providers used in Defendant’s faxing campaigns, (4) faxing software and hardware
models, devices (including manufacturers data) and hard drives used in Defendant’s
(Doc. No. 40 at 9.)
Plaintiff argues that its computer expert needs the spreadsheets in their native
unredacted format to analyze their contents and to determine if any alterations were made.
Plaintiff also argues that it needs access to this information in order to prove numerosity.
Plaintiff has submitted a protective order (Doc. No. 39-6) that it proposed to Defendant to
protect any confidential information contained in the unredacted spreadsheets. Plaintiff
asserts that if Defendant intends to raise an established business relationship defense,
Plaintiff is entitled to know the complete phone numbers of the fax recipients with whom
Defendant claims it had an established business relationship, so that Plaintiff=s expert can
According to Plaintiff, Defendant has stated that it did not use a third party to send the
faxes at issue.
Acompare the customer database with the excel spreadsheets showing to whom faxes were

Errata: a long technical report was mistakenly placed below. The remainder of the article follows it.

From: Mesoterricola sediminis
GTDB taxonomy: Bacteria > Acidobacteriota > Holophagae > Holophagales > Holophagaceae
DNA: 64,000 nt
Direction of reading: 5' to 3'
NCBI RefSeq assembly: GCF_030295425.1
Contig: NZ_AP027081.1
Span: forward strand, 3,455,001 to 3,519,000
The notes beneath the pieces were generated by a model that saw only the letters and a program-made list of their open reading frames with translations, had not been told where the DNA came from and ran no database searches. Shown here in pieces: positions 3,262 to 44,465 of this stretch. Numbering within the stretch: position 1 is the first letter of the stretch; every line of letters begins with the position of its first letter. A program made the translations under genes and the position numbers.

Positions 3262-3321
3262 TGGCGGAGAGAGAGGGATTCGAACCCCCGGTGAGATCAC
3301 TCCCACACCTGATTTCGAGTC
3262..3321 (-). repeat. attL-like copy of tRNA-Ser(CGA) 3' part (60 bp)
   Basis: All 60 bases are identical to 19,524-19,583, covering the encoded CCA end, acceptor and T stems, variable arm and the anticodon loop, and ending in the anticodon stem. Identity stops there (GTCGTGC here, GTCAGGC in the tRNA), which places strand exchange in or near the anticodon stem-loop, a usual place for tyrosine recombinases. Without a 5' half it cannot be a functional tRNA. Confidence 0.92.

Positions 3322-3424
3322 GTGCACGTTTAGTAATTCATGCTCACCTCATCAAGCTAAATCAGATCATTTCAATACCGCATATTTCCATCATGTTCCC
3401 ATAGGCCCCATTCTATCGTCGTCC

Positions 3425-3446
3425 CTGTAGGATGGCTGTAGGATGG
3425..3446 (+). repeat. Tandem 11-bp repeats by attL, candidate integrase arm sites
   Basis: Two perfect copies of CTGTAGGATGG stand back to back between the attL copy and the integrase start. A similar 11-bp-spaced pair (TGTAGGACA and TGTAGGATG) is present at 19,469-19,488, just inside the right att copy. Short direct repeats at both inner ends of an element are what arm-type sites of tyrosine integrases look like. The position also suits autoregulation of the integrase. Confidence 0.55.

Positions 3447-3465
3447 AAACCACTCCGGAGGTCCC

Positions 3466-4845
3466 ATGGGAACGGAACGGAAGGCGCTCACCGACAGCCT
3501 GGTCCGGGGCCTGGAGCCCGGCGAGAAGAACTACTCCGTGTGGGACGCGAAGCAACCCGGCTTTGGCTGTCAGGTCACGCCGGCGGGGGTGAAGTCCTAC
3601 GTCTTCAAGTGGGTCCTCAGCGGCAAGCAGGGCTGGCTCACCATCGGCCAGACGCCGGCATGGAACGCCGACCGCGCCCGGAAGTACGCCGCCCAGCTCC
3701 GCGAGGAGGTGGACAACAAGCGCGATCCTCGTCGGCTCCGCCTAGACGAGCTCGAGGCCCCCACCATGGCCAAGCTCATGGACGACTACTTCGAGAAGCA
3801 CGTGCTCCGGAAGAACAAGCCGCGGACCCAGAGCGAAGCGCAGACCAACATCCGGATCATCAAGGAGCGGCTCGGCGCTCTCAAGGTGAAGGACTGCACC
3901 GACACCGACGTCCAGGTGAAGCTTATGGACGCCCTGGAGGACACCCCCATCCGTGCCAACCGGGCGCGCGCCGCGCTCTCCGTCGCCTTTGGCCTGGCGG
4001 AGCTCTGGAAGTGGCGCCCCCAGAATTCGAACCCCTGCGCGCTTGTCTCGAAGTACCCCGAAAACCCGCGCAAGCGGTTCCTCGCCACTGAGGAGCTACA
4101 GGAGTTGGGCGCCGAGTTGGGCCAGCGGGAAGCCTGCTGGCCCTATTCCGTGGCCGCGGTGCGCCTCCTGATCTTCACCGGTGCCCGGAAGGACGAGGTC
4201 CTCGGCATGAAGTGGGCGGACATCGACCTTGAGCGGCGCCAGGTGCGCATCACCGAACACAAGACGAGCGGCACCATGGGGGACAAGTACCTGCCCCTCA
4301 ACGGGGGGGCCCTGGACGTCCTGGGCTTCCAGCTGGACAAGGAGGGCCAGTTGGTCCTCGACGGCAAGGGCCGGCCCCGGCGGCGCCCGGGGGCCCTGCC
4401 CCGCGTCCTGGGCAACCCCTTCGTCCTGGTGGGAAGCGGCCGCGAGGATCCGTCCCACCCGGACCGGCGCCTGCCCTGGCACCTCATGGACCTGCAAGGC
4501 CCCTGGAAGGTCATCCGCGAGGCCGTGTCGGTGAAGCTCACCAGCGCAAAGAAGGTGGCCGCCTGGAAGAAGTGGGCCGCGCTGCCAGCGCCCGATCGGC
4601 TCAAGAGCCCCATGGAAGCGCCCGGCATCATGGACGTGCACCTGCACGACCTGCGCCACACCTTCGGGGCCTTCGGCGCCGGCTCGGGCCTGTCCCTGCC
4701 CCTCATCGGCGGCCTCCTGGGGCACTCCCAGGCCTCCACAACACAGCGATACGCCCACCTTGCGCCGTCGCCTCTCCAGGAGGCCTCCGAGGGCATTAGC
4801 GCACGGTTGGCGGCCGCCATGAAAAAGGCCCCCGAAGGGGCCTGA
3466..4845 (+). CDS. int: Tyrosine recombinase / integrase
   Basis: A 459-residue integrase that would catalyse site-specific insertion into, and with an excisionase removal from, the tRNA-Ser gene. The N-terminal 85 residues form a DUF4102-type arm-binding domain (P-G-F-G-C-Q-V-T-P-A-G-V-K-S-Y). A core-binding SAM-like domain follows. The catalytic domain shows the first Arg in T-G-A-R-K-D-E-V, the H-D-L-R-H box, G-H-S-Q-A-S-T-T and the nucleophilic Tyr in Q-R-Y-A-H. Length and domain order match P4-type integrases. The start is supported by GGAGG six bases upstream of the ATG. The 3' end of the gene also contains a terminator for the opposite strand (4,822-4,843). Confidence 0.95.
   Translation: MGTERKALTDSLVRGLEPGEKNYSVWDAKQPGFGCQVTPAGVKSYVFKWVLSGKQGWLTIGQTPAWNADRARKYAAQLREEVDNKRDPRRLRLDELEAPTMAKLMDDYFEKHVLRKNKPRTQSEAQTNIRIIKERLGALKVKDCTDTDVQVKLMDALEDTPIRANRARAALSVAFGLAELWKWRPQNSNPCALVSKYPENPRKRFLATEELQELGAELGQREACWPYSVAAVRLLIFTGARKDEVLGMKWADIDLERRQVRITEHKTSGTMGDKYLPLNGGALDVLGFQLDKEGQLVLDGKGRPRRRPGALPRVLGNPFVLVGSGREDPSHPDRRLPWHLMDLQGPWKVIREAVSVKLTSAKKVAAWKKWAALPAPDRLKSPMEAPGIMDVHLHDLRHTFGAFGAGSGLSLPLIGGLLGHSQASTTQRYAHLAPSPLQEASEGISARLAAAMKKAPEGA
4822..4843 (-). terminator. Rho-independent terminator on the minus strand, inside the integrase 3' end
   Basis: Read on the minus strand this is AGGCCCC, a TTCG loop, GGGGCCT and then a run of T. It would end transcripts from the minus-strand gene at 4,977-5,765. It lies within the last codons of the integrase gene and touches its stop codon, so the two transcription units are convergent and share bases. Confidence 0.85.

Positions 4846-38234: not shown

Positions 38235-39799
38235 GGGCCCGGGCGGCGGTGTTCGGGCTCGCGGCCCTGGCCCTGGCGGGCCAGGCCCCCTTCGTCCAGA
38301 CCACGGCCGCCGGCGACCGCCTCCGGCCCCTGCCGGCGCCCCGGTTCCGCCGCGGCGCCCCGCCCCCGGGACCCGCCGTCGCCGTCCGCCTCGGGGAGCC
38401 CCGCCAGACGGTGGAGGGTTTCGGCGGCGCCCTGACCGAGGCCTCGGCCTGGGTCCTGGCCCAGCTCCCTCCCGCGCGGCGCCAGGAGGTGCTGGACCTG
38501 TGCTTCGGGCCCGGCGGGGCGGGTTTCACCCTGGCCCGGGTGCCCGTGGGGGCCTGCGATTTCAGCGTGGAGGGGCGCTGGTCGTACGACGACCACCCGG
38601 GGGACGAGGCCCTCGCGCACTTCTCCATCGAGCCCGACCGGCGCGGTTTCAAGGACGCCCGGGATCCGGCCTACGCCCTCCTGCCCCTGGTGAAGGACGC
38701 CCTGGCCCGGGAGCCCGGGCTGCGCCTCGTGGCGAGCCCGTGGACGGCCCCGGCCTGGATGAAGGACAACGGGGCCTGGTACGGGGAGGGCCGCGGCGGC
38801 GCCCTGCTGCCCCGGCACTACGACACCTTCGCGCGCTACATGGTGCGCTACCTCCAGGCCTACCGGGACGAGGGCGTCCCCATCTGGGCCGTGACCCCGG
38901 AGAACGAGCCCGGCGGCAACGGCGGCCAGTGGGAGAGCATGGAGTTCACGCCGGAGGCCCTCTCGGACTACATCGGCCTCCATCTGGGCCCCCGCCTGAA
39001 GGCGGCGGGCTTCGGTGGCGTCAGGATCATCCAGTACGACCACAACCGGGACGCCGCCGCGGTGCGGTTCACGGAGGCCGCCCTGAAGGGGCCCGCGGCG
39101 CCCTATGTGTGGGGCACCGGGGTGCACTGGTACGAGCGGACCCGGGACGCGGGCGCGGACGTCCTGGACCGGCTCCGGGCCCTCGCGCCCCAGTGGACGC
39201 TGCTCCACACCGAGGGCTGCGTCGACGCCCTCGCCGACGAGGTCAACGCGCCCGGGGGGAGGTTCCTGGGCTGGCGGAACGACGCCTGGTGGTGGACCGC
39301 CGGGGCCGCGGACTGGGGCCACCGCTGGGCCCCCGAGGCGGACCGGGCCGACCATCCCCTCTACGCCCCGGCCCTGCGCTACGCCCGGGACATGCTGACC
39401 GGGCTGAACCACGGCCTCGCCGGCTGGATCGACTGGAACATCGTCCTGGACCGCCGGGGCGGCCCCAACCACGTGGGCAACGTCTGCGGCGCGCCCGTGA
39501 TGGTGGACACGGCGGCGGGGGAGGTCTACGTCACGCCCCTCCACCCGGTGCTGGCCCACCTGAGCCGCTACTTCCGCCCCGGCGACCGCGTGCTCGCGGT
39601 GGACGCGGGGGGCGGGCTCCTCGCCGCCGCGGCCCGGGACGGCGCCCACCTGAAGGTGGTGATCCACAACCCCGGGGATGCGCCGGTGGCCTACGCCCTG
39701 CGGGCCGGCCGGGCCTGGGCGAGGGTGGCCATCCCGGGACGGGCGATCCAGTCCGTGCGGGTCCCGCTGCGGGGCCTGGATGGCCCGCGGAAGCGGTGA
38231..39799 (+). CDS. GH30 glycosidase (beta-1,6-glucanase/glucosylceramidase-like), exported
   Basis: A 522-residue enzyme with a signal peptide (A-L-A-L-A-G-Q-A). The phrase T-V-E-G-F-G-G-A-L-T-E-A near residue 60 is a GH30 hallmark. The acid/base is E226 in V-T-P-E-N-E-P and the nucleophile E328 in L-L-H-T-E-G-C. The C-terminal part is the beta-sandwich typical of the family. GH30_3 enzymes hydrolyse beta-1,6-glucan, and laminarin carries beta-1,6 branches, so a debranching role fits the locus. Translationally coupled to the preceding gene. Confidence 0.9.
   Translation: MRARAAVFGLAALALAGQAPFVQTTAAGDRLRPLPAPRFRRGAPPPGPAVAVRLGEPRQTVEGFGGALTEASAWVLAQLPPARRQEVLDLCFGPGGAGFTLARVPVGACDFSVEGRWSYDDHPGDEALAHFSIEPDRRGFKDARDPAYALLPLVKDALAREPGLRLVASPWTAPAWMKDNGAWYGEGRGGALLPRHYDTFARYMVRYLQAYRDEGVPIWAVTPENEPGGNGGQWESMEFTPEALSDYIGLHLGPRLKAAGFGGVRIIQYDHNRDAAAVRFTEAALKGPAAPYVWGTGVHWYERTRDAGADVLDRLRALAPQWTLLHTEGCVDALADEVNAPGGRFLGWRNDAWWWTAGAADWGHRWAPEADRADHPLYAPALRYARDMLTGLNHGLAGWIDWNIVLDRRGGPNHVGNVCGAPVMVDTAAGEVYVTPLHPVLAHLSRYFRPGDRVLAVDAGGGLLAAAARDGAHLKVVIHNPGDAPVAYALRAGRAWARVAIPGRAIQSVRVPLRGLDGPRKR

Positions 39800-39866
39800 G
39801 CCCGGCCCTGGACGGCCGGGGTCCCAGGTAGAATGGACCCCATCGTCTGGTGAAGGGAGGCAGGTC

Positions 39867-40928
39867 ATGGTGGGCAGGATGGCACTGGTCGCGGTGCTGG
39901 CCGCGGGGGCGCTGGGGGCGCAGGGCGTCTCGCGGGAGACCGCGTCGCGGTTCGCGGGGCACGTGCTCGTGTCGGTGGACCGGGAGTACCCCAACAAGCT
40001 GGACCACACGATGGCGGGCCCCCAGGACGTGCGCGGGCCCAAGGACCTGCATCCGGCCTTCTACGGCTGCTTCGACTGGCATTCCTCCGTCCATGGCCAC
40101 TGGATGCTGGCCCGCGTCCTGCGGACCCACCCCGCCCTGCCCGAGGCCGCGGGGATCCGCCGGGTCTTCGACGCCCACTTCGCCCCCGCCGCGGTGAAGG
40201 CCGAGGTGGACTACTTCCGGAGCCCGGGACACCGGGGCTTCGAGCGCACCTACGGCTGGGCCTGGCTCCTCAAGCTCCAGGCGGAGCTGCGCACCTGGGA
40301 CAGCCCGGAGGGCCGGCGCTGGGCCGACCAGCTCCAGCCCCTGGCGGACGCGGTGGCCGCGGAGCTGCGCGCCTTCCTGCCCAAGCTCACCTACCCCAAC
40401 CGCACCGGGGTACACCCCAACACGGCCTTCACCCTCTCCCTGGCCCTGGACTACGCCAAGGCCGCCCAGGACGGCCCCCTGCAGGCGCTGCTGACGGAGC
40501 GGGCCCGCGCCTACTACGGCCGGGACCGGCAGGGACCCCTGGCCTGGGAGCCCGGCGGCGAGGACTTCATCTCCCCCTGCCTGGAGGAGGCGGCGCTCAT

sent as well as any logs produced by any fax software used.@ (Doc. No. 39 at 4.) Plaintiff
maintains that it needs the telephone records it requested to determine the number and dates
of faxes sent during the class period.
According to Plaintiff, if Defendant has not retained these telephone records,
Plaintiff will need to subpoena the relevant telephone service provider, and because
telephone carriers do not keep records indefinitely, Plaintiff must obtain a subpoena as soon
as possible. Lastly, Plaintiff states that if a fax broadcasting software program was used, it
Acould contain logs of the faxes that were sent and also contain templates of the faxes sent.
The data produced by the fax software program would be contained on any computer where
that program was installed. Plaintiff=s expert would be able to analyze the data from the
fax software program if a mirror image of the computer hard drive were made.@ Id. at 4-5.
Plaintiff has submitted a proposed protective order (Doc. No. 39-6) to address privacy
concerns of Defendant.
Defendant argues that the names, addresses, and contact information of putative
class members are not relevant to class certification, and that Athe only reason Plaintiff
would need the names and contact information [at this point] in this case is for solicitation
purposes, which is plainly improper.@ (Doc. No. 41 at 7.) Defendant asserts that Plaintiff
has not contended that it needs the names and contact information to establish numerosity.